Mixers (take your various sources of audio and lovingly splice them together with the aid of one of these)

Active Monitors (for you to listen to your recordings subjectively and make the RIGHT adjustments – active monitors have their own amplifier built in)

Passive Monitors (for you to listen to your recordings subjectively and make the RIGHT adjustments – passive monitors must be connected to an amplifier for them to be heard)

Music Stands (Keyboard stools and stands, drummer’s thrones, guitar stands and sheet music stands – because resting everything on the floor just would not work)

Paging Amplifiers (100V line amps for installation wherever background music / paging needs arise)

Active PA Speakers (for outputting the aural delicacy you have mixed (see Mixers above) – active PA speakers have their own amplifier built in)

Passive PA Speakers (for outputting the aural delicacy you have mixed (see Mixers above) – passive PA speakers must be connected to an amplifier for them to be heard)

Portable Recorders (digital audio recorders that are small and eminently mobile)

Studio Recorders (digital audio recorders in standard rackmount configuration – but can still be mobilised (see Flightcases above) if you wish)

Power Distribution Units (PDUs) (all this clever rackmount hardware requires electricity – distribute the power around your rack from one tidy rackmounted device)

Stage Boxes (rather than having every audio source straggling its cables over the stage and up to the mixer a stage box combines everything into a single run)

Test Equipment (something not working as you’d expect? Use these valuable tools to help you locate the problem quickly)

Tuners (for monitoring your radio stations output a tuner is vital – or you can use one to “just” listen to the radio)

This is not an exhaustive list as products are added to the portfolio all the time, so keep your eyes on your pro audio and broadcast superstore!

How To Create A Podcast – High Quality Podcasting

So many people muse “How do I create a podcast?” and then search for “how to create a podcast” or even just “how to podcast”. Well, here’s a beginners guide to podcasting with some tips for producing high quality podcasts and not just rambling, mumbling audio – it’s really not that tricky, just remember ‘take small steps’.

The term “podcasting” came into being in 2004 (from an article in The Guardian by Larry King). The word is an amalgamation of “pod” from Apple’s audio player of choice (the iPod, in case you’ve been living under a rock) and “casting”, having surgically removed the “broad” part of broadcasting. It is indeed more of a “narrowcast” as it has a more focussed listenership than most broadcast media – with the exception of broadcasts that are converted into podcasts – but that’s cheating 😉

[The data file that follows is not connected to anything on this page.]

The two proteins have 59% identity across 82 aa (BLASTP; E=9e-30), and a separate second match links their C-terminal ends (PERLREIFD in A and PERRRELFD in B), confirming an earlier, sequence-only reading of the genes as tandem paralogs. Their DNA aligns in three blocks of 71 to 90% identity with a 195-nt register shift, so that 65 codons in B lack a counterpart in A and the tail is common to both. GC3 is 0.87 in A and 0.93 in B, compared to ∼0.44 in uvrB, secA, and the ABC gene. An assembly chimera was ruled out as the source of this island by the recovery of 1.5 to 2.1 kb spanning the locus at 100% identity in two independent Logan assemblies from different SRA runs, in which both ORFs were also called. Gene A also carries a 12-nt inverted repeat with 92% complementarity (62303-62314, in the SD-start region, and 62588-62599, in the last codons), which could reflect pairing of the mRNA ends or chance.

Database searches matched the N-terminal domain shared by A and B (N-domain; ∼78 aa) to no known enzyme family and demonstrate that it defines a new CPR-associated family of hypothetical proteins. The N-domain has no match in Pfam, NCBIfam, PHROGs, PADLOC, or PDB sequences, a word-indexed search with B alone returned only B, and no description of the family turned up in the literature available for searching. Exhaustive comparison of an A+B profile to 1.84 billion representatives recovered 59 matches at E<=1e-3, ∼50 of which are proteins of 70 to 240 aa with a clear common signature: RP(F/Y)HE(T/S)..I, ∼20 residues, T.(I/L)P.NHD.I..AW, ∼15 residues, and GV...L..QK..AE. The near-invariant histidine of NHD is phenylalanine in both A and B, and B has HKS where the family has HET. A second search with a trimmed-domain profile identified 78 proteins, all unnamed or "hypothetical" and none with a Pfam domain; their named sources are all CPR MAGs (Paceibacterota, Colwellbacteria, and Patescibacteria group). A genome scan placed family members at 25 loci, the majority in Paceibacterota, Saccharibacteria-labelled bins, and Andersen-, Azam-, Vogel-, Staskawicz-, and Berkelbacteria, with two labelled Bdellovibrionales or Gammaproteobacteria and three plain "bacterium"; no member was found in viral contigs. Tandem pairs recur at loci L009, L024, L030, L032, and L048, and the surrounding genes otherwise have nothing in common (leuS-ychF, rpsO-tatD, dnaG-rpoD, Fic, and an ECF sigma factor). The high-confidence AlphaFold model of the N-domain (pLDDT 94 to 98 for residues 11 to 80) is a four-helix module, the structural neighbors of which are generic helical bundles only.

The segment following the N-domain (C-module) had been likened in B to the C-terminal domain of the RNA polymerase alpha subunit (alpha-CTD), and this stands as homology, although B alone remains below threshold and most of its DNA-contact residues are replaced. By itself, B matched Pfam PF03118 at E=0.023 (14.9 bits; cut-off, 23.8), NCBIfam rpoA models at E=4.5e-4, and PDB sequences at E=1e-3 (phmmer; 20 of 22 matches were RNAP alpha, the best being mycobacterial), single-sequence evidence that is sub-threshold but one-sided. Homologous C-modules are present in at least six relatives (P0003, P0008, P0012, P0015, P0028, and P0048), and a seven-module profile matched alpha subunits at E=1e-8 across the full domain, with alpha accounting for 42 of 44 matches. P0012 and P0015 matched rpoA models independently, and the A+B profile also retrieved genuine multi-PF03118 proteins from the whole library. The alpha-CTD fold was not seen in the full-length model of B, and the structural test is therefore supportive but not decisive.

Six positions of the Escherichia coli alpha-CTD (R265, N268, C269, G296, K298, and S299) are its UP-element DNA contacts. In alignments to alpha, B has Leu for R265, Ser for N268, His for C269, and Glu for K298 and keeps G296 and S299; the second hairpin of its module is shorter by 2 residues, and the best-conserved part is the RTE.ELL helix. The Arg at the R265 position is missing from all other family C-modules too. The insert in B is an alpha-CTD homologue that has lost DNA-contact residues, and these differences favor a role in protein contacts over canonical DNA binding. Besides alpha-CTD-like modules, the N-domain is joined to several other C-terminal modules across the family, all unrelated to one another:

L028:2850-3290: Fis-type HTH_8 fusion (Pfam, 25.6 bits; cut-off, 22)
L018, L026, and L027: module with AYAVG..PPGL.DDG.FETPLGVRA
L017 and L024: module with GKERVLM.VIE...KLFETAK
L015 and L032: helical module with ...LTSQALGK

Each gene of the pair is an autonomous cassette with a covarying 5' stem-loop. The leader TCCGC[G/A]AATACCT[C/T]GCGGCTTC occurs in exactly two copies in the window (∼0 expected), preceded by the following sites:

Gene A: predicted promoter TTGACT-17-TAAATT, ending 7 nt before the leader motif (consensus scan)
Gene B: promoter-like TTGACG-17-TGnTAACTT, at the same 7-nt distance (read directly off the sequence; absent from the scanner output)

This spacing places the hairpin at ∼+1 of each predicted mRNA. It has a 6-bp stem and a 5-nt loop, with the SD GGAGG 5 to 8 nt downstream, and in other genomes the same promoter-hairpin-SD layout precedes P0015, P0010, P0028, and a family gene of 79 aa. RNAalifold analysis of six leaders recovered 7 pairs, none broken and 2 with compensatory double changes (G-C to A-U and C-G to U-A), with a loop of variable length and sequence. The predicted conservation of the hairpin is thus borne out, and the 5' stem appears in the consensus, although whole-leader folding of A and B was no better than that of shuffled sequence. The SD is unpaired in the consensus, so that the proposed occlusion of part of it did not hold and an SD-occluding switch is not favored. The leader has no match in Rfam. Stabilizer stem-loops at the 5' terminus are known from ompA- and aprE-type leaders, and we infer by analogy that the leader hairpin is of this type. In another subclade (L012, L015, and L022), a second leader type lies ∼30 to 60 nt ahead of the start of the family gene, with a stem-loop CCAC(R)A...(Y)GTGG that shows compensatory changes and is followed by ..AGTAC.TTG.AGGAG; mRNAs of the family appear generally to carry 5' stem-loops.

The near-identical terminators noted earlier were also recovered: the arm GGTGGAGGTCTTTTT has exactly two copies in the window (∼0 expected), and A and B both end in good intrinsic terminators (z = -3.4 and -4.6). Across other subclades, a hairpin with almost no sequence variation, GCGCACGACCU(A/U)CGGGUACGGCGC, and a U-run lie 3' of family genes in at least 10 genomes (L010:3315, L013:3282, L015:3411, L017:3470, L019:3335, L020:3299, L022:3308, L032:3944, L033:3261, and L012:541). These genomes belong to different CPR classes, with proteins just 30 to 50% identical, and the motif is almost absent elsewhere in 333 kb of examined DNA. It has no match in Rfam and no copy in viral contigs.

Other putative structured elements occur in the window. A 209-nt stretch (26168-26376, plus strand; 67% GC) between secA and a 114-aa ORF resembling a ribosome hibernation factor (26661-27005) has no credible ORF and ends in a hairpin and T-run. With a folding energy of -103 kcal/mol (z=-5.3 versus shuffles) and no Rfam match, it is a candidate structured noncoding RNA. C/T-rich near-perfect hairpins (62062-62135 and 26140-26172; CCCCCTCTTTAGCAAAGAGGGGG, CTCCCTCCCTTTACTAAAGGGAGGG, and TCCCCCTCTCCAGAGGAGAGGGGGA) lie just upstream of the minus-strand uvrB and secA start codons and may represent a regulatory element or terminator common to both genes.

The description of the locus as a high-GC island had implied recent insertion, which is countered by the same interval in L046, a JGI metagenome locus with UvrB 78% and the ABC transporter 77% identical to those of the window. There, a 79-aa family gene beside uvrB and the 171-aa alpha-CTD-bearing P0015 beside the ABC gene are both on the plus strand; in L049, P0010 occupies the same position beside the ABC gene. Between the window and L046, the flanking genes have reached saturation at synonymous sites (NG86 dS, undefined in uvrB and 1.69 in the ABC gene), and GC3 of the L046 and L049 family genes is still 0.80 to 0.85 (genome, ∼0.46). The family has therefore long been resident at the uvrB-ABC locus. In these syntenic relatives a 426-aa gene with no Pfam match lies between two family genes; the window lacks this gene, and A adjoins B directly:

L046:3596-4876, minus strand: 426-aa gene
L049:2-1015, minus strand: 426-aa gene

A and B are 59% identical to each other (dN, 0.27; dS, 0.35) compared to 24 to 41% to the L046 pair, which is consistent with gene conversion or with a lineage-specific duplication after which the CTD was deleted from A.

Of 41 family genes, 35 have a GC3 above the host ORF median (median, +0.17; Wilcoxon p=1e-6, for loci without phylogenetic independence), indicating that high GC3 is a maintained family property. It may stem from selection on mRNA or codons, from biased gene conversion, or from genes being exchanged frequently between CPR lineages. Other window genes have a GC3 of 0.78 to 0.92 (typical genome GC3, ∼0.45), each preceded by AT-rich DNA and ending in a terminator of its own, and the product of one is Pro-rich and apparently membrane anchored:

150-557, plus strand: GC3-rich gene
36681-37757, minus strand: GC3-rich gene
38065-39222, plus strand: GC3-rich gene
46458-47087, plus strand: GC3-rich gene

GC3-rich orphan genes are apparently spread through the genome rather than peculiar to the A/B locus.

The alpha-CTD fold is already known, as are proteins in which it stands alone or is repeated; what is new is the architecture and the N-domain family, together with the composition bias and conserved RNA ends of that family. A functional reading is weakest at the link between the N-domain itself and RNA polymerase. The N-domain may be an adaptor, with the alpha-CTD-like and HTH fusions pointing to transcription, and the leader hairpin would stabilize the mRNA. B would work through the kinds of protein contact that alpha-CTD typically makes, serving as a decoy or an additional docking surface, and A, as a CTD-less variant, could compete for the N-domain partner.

So how do you go about taking your initial steps into the world of “narrowcasting”? Firstly you need to have a purpose for your output; are you providing an editorial piece on the merits of the latest reality TV show or producing an outlet for your comedic genius to be unleashed on an unaware world? Whatever you have a passion for podding you need to observe the same maxims as followed by the (successful) broadcasting fraternity and that is to keep it interesting and keep it focussed on the subject matter. If you ramble on, stumbling through different subjects you’re likely to lose any following you have, unless it’s not the subject matter but YOU that is the attraction!

Once you know WHAT you’re going to talk about you’ll need the equipment to capture your “magic”. Starting out, a simple microphone / headset (the kind of thing online gamers wear) would get you by; its audio quality won’t set the world alight but it’s the bare minimum needed to get your voice into the computer (and to hear it played back). Moving on from that and especially if you’re working on the quality aspect of your production then you would be better to invest in a good quality USB microphone which plugs straight into your computer, thus getting round the need for a mixer. These microphones are able to achieve such high quality when compared with standard computer microphones as they effectively have a built-in professional quality soundcard (ADC = Analog to Digital Converter – for all you technerds). This coupled with pro audio quality microphone hardware (renowned manufacturers such as Audio Technica, Rode, Beyerdynamic, Audix, Shure, Samson and sE have USB mic products).

If you’re going to be undertaking a talk show or musical performance based podcast then you may want to look into multiple microphones at which stage you’ll also need to consider a good quality mixer to combine everything into a stereo feed (left+right) for your LINE IN ports on your computer’s soundcard. That opens up a whole realm of devices that can improve the overall sound (compressor/limiters, graphic equalisers, digital effects processors, DI boxes, mic stands, cables, active monitors, passive monitors, amplifiers and headphones)! On a serious note if you were to be heading in this direction then you’d be wise to cut your computer’s soundcard out of the equation and record to a device with high quality ADCs (remember that term?). You can adopt a portable digital audio recorder or studio digital audio recorder depending on your requirement for mobility (that said, the rackmount devices can be transported in rackmount flightcases if you require). These devices, also known as “solid state recorders”, record direct to memory cards in an audio file format of your choice such as MP3 or WAV. Once you’ve finished recording you just copy the file to wherever you’re going to host your podcast.